U.S. tries rehab for religious extremists
Singapore has reduced its detainee ranks with Islamic reeducation.
A counseling program that employs Muslim clerics to rebut extremist views of detainees has steadily reduced their numbers over the past four years in Singapore, suggesting that religious-based rehabilitation may offer an alternative to indefinite detention without trial in the US-led war on terrorism.Skip to next paragraph
Subscribe Today to the Monitor
Faced with swelling detention centers, US military commanders in Iraq have begun to take note. In recent months, they have introduced religious-education programs for adults and juveniles that are modeled, in part, on Singapore's and on a much larger program in Saudi Arabia.
Setbacks in a similar program in Yemen, shelved in 2005 because of high rates of recidivism, had raised doubts about the approach. Experts also distinguish between rehabilitating low-level sympathizers and hardened leaders of terrorist groups, groups, who may see little to gain from cooperating with authorities.
But proponents say that an effective counterterrorism strategy must include efforts to combat religious indoctrination, especially for suspects held behind bars. Injustice is a recruiting tool, and open-ended detention of suspects is an affront to many Muslims. Releasing them into the community armed with Islamic teachings that debunk Al Qaeda's do-or-die rhetoric can help to win a "war of ideas," the proponents argue.
"Deprogramming is not 100-percent successful. Among suspects that you rehabilitate, some will go back (to militancy). But it's the only intelligent thing to do," says Rohan Gunaratna, a terrorism expert at Nanyang Technological University and a consultant on the Singaporean program. "We've planted a seed.… Iraq was the beginning. I believe America can take this idea to Guantánamo, Afghanistan, and other areas."
Marine Maj. Gen. Douglas Stone, who oversees US detention facilities in Iraq, told defense bloggers this month that religious courses at Camp Cropper had helped to "bring some of the edge off" detainees who often had only a limited grasp of Islamic jurisprudence.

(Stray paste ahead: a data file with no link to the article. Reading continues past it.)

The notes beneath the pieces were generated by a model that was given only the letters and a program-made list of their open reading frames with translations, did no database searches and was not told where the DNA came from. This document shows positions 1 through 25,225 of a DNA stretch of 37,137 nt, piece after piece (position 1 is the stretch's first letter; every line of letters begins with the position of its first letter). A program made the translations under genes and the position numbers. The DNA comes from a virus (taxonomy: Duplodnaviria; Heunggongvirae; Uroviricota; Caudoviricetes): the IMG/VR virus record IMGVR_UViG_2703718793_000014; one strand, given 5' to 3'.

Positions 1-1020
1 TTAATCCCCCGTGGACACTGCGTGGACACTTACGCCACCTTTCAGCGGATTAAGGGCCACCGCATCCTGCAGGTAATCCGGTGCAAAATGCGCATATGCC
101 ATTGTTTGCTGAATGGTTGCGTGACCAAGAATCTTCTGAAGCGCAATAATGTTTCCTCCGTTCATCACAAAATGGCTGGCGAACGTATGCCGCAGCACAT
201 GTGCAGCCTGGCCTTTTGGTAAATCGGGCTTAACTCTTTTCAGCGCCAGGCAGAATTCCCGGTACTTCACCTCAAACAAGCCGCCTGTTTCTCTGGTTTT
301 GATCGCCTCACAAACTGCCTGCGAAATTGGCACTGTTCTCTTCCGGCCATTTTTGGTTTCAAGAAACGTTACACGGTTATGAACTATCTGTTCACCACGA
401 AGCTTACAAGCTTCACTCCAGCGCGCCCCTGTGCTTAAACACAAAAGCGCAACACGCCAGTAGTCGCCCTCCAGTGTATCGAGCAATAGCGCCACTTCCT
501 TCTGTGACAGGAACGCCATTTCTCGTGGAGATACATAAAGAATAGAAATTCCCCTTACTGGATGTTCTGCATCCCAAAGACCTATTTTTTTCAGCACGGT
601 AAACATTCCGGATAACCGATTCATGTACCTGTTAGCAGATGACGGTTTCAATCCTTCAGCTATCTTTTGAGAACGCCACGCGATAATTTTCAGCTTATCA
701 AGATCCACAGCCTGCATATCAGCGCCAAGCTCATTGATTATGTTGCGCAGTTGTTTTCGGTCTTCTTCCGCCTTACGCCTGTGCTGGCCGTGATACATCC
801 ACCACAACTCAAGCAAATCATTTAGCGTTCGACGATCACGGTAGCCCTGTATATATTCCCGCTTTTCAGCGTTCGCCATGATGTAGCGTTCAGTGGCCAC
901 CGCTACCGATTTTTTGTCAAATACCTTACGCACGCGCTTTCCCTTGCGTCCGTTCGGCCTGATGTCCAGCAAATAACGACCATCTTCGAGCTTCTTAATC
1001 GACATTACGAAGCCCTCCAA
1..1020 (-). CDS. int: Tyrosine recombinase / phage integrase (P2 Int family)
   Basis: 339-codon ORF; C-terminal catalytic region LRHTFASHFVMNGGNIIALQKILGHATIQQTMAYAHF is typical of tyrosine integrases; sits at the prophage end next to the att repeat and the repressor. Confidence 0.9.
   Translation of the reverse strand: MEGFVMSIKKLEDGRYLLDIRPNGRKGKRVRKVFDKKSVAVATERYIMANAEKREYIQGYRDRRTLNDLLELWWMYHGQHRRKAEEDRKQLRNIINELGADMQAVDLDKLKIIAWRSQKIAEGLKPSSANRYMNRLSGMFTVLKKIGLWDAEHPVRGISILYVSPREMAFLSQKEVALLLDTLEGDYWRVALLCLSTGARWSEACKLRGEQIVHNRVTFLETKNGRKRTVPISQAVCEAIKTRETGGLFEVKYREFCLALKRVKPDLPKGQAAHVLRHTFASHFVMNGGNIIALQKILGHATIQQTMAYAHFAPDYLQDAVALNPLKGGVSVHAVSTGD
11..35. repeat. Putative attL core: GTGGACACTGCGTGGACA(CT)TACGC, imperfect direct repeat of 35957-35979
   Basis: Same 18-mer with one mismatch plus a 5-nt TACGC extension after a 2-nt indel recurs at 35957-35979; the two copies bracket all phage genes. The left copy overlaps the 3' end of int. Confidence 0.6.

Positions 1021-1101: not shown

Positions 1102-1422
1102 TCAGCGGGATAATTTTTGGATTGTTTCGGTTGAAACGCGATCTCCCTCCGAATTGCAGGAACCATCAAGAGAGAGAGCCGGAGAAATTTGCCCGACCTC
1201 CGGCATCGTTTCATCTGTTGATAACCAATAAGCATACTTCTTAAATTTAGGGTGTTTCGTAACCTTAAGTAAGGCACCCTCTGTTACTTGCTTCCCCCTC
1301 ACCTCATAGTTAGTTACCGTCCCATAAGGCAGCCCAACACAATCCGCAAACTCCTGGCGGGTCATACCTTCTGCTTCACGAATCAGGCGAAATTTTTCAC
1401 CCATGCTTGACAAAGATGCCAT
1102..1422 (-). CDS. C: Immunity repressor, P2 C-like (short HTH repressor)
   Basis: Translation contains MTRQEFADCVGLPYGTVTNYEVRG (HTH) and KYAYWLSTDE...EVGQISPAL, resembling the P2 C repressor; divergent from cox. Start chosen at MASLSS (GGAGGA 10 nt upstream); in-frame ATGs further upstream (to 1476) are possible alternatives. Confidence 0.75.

General Stone, who speaks Arabic and reads the Koran daily, said that "a few hundred" had undergone the program, part of a broader new effort to offer training and education to detainees. More than 25,000 Iraqis are currently in US custody.
By comparison, Singapore, a rich, security-conscious city-state located on Asia's busiest sea lane, is a dot on the jihadist map.
Since 2001, when authorities disrupted a plot by Jemaah Islamiyah (JI), a regional Al Qaeda affiliate, to attack Western and Singaporean targets here, around 70 people have been detained under internal security laws that allow detention without trial. More than one third of them have since been released from jail or house arrest after cooperating with authorities. One has been rearrested for allegedly contacting foreign militants.
Launched in 2003, the Religious Rehabilitation Group has 21 volunteer clerics who lead weekly one-on-one counseling sessions with detainees to "correct their misinterpretations" of Islam, says Mohammed bin Ali, one of the clerics who works in the group secretariat. By systematically exposing the distortions of JI doctrine, the counselors show how Muslims can live devoutly in multifaith Singapore, where they make up around 15 percent of its 4.2 million population. The government-funded group also hosts public forums and runs a website (www.rrg.sg).
'No one is born a terrorist'